Why LVMH needs to rationalise its brands

Luxury goods group LVMH aims to appeal to the man who appreciates the fine things in life. He drinks Hennessy cognac and Dom Perignon champagne which he shares with his wife. She has similarly luxurious tastes, and wears a selection of Guerlain perfume, Dior lipstick and powder which she carries in her Louis Vuitton bag.

The company which owns all the above brands and which so embodied the Eighties ethos, is now in the middle of a cost-cutting drive.

The decision last week to pull media buying and planning out of CIA in the UK and into Initiative was part of this: the aim was to channel media buying activity in Europe through a smaller number of suppliers (MW August 13). The company is also understood to be merging its distribution and warehousing activities for its perfumery divisions in this country.

Sensible housekeeping you may think – and with 1997 profits (net income) up nine per cent to Ffr 4.87bn (487m) and sales of Ffr 48bn (4.8bn) the company looks in good shape.

But observers suggest the group’s large portfolio of brands is unwieldy. Its perfumery division has come in for particular criticism. It forms part of the fragrance and cosmetics division which saw comparatively flat figures of four per cent growth.

“Here you have a conglomerate with lots of brands, but there really is no reason why they should be together,” says one analyst.

Another adds: “You could argue the company has a lot of breadth but not much depth. Perhaps the big question is whether it is possible to group brands over such a diverse range of sectors.”

Certainly companies with a narrower focus, such as Chanel which specialises in fashion, cosmetics and perfumery, have adapted to changes in the market apparently more successfully and without alienating more traditional customers.

Chanel successfully launched the Allure perfume two years ago, which is aimed at a younger market. In contrast, Guerlain’s Champs Elysées perfume, which used French actress Sophie Marceau in its ads, has been a disappointment and the company described it as performing “below expectations”.

“The problem LVMH faces is a cultural one,” says one source. “It’s still trying to sell French culture, which has become rather hackneyed, alongside many of its brands. There is also not a great deal of difference between the ads. For example, if you pulled the Givenchy name out of one of its ads and added a Dior label would you really be any the wiser?”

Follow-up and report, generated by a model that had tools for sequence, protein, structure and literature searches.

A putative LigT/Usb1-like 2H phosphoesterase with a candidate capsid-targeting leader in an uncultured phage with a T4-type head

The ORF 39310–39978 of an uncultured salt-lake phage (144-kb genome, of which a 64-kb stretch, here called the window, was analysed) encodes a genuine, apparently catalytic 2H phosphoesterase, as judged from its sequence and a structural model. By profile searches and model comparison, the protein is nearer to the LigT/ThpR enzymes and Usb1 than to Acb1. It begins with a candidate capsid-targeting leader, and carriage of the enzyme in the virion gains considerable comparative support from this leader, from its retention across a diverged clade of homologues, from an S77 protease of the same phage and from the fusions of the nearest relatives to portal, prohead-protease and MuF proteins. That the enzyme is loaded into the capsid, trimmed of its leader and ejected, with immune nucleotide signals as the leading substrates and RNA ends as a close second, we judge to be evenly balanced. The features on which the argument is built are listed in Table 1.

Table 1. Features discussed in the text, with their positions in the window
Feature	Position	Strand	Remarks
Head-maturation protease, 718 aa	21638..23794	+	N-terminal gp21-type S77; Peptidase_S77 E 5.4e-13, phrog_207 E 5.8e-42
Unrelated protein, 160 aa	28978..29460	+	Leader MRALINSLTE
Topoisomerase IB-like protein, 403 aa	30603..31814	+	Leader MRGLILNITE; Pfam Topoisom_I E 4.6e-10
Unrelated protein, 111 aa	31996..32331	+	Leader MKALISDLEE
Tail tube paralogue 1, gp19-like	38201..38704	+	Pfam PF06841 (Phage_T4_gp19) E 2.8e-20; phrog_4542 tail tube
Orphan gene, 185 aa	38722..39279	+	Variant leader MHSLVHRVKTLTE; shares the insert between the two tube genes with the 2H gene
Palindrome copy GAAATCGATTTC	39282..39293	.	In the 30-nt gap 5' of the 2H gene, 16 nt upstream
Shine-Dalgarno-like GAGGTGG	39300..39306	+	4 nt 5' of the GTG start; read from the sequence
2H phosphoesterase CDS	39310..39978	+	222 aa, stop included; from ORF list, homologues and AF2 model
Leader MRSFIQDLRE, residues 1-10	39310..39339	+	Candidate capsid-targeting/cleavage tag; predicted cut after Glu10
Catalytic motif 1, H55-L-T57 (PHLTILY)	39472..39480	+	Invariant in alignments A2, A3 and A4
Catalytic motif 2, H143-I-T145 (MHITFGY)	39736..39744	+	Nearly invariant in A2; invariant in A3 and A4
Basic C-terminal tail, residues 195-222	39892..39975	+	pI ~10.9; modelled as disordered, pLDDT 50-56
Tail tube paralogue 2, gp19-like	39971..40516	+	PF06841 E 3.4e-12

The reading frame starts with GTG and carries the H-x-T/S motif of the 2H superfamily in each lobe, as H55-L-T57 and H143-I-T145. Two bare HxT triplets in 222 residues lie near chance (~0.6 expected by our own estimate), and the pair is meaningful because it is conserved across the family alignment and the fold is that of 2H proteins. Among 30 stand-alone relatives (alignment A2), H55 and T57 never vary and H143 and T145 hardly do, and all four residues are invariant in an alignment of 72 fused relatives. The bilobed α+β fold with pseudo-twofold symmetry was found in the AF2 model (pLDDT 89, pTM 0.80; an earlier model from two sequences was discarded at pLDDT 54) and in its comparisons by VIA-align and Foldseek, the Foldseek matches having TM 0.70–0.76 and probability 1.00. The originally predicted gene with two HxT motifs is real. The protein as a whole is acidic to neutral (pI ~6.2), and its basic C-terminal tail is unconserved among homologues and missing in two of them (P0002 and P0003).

Other critics say LVMH’s perfumery and cosmetics division has become too focused on upmarket women, whereas other companies have broadened their appeal. “These are luxury items, but they are not big ticket prices – for example a bottle of perfume costs about 30. The company sees itself as desperately upmarket but in unit terms it’s not,” says the source.

The perfumery market is under additional pressure. Sylvaine Massot, analyst at Morgan Stanley, says: “Perfumery products are simply not producing the margins they should be. Whereas margins used to be in the mid-teens, they are now down to single figures. The company will have to cut costs and find economies where there is synergy across say sourcing and distribution.”

The different perfumes Guerlain, Dior and Givenchy are currently run with separate management and separate warehousing. Centralisation of operations is believed to be under consideration, but the company refuses to comment.

There are other factors that LVMH must address. The company reported a five per cent decline in first half sales in July and said it was taking a “cautious view” of the second half of the year.

The purchase of duty-free shopping chain DFS in Asia, with hindsight, looks ill-advised in the short- term, given the state of the Asian market. And while the champagne business may look unstoppable, figures could well be artificially skewed upwards in the short-term because of the millennium celebrations. The cognac and spirits division profits (income from operations) were reduced by 13 per cent in 1997 compared with 1996.

But some observers believe LVMH has nothing to worry about over the short term. ABN Amro analyst Matthew Jordan says: “It does have problems, but they’re not related to its brands, they’re more to do with the Asian crisis. It does understand rich consumers. For example, even though cognac is being squeezed badly, Hennessy is up in the US and that’s been through clever target marketing.”

The diversity of the portfolio is seen as an advantage by some. But if the rest of the world follows Asia into recession, LVMH will be forced to rationalise its portfolio and find other ways of appealing to the lover of the good life and his wife.

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